Carry hand sanitizer. Many bathrooms also did not have paper towels or hand dryers.

Learn basic etiquette. This is not just true when you are traveling to China; this applies to any new country you might be visiting. Are you traveling for business? Will you be in someone’s home? There are many things you can read about etiquette when traveling in China, but two fundamental ones: Never wear your shoes in someone’s house and greet everyone with a basic “Ni hao” (pronounced “knee how”). Personal space is not valued, so if you are used to having a personal space bubble, you might find the crowded spaces uncomfortable. 

Get a VPN. When traveling to China, you will need a VPN, or Virtual Private Network, to access Google, YouTube, Facebook, Instagram or other Western apps. The Chinese government censors its citizens from accessing many websites. This index of blocked sites has an up-to-date list you can access. You have to set up and install the VPN before you get to China, obviously — those are blocked too, so before you enter the country, make sure you have one set up. I used NORD VPN with success. Here is a more detailed look at VPNs and why you should have one.

Watch for vehicles. You can’t wrap your brain around how many people live in China. The numbers still boggle my mind. When I was in Bejing, I almost got run over by mopeds and bikes multiple times because I frequently found myself in the bike or moto lanes. Sometimes they were well marked, and sometimes they weren’t, but I was often overwhelmed and rubber-necking at everything. I’ve learned to be better about this!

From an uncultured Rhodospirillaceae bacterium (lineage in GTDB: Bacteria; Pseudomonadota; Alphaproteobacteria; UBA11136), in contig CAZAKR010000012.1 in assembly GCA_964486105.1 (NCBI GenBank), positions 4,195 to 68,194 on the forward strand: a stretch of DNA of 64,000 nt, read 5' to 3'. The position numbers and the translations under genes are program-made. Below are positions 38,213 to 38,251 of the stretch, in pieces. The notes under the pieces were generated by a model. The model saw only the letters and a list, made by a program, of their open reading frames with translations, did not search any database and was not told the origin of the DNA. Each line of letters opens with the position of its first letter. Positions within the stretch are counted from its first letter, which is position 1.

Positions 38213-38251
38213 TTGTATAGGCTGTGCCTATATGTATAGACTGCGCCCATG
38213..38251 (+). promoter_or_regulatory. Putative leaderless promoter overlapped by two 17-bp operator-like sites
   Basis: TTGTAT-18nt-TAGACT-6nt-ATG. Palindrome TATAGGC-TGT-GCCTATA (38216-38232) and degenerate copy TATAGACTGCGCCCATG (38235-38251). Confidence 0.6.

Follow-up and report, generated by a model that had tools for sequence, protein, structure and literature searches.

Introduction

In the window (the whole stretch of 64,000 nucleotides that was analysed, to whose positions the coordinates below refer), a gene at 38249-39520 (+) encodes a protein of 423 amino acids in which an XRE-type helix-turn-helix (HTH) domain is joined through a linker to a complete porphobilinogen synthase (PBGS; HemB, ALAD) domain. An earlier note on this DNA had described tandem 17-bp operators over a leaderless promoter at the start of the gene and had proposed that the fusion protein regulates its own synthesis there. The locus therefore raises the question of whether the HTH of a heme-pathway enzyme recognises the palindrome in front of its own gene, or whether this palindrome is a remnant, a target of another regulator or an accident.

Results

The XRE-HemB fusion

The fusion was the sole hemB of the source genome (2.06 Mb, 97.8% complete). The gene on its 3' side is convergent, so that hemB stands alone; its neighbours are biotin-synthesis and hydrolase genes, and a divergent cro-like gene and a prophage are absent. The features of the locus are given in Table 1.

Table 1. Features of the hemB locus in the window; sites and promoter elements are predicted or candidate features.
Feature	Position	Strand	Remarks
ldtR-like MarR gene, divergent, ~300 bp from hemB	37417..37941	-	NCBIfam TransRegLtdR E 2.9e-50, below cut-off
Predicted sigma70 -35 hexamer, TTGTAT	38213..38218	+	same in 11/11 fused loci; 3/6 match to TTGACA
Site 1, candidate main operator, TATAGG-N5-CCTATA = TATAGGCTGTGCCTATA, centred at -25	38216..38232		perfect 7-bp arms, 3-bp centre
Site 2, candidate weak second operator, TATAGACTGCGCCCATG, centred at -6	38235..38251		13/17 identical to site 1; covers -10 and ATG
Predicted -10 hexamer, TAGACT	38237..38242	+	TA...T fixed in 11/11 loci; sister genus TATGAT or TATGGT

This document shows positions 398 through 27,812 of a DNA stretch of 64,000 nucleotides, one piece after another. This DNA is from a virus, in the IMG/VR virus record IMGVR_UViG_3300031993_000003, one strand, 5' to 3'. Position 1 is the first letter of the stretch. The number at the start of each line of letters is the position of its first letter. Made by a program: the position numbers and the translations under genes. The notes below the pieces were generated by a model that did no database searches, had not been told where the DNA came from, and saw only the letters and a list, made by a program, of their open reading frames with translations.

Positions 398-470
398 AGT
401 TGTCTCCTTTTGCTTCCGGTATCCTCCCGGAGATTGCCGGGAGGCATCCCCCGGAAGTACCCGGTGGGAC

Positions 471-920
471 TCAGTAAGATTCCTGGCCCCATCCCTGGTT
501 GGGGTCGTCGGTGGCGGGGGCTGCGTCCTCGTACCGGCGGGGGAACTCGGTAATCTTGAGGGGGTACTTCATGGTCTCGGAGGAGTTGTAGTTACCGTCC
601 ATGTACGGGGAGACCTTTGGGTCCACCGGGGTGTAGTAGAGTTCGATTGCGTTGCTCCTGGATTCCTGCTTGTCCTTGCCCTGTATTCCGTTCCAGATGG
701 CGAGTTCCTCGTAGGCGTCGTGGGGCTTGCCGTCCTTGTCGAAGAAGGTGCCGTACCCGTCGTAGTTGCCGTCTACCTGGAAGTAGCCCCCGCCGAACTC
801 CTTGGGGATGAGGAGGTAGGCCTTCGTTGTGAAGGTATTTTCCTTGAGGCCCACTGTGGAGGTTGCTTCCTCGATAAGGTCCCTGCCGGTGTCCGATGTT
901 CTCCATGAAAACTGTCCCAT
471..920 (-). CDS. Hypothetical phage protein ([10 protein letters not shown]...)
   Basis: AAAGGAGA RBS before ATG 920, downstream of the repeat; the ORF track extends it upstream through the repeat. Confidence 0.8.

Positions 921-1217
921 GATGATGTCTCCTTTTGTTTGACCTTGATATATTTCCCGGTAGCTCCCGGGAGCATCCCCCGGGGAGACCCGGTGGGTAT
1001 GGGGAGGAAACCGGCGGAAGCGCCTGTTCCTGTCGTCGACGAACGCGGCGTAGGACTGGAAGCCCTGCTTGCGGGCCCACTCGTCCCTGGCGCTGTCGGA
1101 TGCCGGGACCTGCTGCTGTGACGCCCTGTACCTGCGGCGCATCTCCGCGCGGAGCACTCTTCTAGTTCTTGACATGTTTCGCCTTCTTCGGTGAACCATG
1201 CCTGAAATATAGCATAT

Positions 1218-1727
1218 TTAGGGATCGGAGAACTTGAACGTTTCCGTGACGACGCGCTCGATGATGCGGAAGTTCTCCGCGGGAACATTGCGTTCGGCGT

Download a translation app. This is one of the best things you can do when you travel to China. I was so impressed with Google Translate. I would hold it up to signs and hover over menus, and it would translate the Chinese characters into English words. I would use the voice translate feature and speak into my phone what I was trying to communicate to someone, and it would translate to Mandarin. Sometimes it worked flawlessly; sometimes, people still couldn’t figure out what I was trying to say, but it helped a lot. As stated above, you need your VPN to access this unless you download key phrases and have them stored on your phone, which is also an option. 

I was surprised by how many signs were in English. The airport, public transportation and many menus in the larger cities were very English-friendly. We did run into instances where people did not speak English at all, understandably. We did our best to pantomime and use our Google Translate. 

Carry wet wipes. Napkins are scarce. I carry wet wipes whenever I travel anyway. They are great to have on hand to wipe down restaurant tables, seats, the light switch in your room and, of course, your hands. 

Prepare to be noticed and possibly photographed when you travel to China. While residents in the larger metropolitan areas are more indifferent to Western tourists, many Chinese didn’t start traveling either in-country or abroad until the last few decades. However, with China’s economy growing leaps and bounds over the previous 20 years, tourism opportunities have opened up to Chinese residents. As a blond, blue-eyed Westerner, I was often sought out for my photo, typically with older residents who probably haven’t traveled as much or been exposed to Westerners as often. This is what our tour guide conveyed to us. I had a lot of fun with it. These exchanges always made my day and are some of my favorite photos.